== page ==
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Can you prohibit your employees from bringing firearms to your workplace? You may think the answer is yes, but it’s more complicated. Recent state laws on gun rights have raised questions regarding guns at work. Here we will try to boil it down for you.

New State Gun Laws Generally

A few states have recently introduced laws about firearms, although not specifically about guns in the workplace. For example, Alabama’s 2023 concealed carry law allows individuals to carry a concealed firearm on public property without a permit. The law also allows individuals to carry a firearm in a vehicle without a permit. There are various limitations on where someone can take the gun without express permission from the person with authority over the premises, such as courthouses and facilities hosting athletic events. People must also declare, if asked by police, that they are carrying a concealed gun or a gun in a vehicle.

Similarly, in Louisiana, starting July 4, 2024, individuals may carry a concealed weapon in public as long as they are at least 18 years old and may legally possess a firearm, even without obtaining a permit. There are some prohibited locations, like government buildings, places of worship, or any location where “No Firearms Allowed” signs are posted. There are also some prohibited circumstances, such as when a person is under the influence or a convicted felon.

What This Means for Employers in Alabama and Louisiana

You might ask, what does this mean for my workplace? Can I prohibit employees from bringing firearms to work? This will depend on state law.

Sticking with the two states mentioned above, Alabama employers can prohibit employees from bringing firearms on property or while engaged in their employment duties. However, you cannot prohibit Alabama employees from keeping guns in their cars at work. Specifically, Alabama employees are allowed to keep “lawfully possessed” firearms in their privately owned vehicles “while parked or operated in a public or private parking area” if:

  • The vehicle is in a location where it is permitted to be;
  • For a vehicle attended by the employee, the firearm is kept from ordinary observation within the person’s vehicle; and
  • For a vehicle unattended by the employee, the firearm is kept from ordinary observation and locked within a compartment, container, or in the interior of the vehicle or in a compartment or container securely affixed to the vehicle.

If your Alabama employees have hunting guns (i.e., not pistols) in their vehicles at work, they must meet the above requirements and a few more:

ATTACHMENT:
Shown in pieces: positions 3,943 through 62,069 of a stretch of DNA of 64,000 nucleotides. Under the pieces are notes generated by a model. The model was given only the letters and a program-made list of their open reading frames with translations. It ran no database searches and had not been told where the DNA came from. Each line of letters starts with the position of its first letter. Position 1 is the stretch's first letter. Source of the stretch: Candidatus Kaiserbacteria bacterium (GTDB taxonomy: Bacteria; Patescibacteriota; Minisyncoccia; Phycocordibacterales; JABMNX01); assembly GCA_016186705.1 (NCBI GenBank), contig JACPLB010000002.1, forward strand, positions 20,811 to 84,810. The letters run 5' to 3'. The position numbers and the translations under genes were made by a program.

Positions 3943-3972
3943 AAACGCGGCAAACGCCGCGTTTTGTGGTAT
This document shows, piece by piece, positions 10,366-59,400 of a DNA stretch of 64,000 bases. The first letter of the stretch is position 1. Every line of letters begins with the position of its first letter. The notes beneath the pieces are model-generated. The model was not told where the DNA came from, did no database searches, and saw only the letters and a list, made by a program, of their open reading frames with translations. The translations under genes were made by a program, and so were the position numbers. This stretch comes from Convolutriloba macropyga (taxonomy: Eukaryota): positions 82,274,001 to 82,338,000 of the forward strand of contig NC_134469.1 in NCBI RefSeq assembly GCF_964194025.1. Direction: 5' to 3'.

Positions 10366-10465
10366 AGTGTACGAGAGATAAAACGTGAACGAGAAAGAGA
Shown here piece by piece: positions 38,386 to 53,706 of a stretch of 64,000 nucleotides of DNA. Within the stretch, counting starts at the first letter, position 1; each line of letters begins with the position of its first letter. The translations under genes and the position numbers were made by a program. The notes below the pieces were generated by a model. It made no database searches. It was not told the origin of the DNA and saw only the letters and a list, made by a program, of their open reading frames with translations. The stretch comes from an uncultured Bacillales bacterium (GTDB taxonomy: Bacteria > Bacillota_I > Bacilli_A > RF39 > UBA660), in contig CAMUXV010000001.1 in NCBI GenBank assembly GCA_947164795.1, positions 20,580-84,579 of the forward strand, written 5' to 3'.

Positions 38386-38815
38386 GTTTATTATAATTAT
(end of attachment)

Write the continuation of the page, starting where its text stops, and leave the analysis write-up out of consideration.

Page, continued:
• The employee must possess a valid Alabama hunting license;
  • The weapon must be unloaded at all times on the property;
  • It must be during a season in which hunting is permitted by Alabama law or regulation;
  • The employee has never been convicted of any crime of violence, convicted of other certain crimes, or subject to a domestic violence protection order; and
  • The employee has no documented prior workplace incidents involving the threat of physical injury or that resulted in physical injury.

If the employee has satisfied these requirements, Alabama law explicitly prohibits employers from taking adverse action against the employee for having a firearm in their privately owned vehicle.

Of course, there are some exceptions in the Alabama law:

  • If you believe an employee presents a risk of harm to themselves or others, you may ask whether the employee has a firearm in his or her vehicle. You can also report that to law enforcement.
  • If you believe that an employee’s vehicle contains a firearm prohibited by law or any stolen property, you can report that to law enforcement.
  • You can prevent an employee from bringing a firearm on your grounds if the employee has intent to do bodily harm.
  • If “the transportation, carrying, storing, or possession of a firearm or ammunition [is] prohibited by federal law,” then federal law prevails.

In Louisiana, the new concealed carry law explicitly gives employers the right to prohibit firearms on their property if they post a sign to that effect. However, like in Alabama, Louisiana law permits employees to carry a legally owned and lawfully possessed firearm in their personal vehicle, even while on employer property. You may be able to restrict guns in cars, however, if (1) access to the property is restricted or limited through the use of a fence, gate, security station, signage, or other means of limiting general public access, and (2) you provide facilities for the temporary storage of unloaded firearms or provide an alternative parking area reasonably close to the main parking area in which employees may transport or store firearms in locked, privately owned motor vehicles.


Workplace violence has become more common in recent years, and some states have even enacted laws in response to that trend. (For more information on Texas and California laws to protect employees from workplace violence, see our previous blog). So, new laws loosening the reins on firearm restrictions generally may raise safety concerns for the workplace. As always, you want to make sure your employees know what to do if violence occurs in the workplace. As you formulate those policies and procedures, be thoughtful of any state law that protects an employee’s right to have a firearm on your premises, or that gives you the right to place restrictions on firearm possession.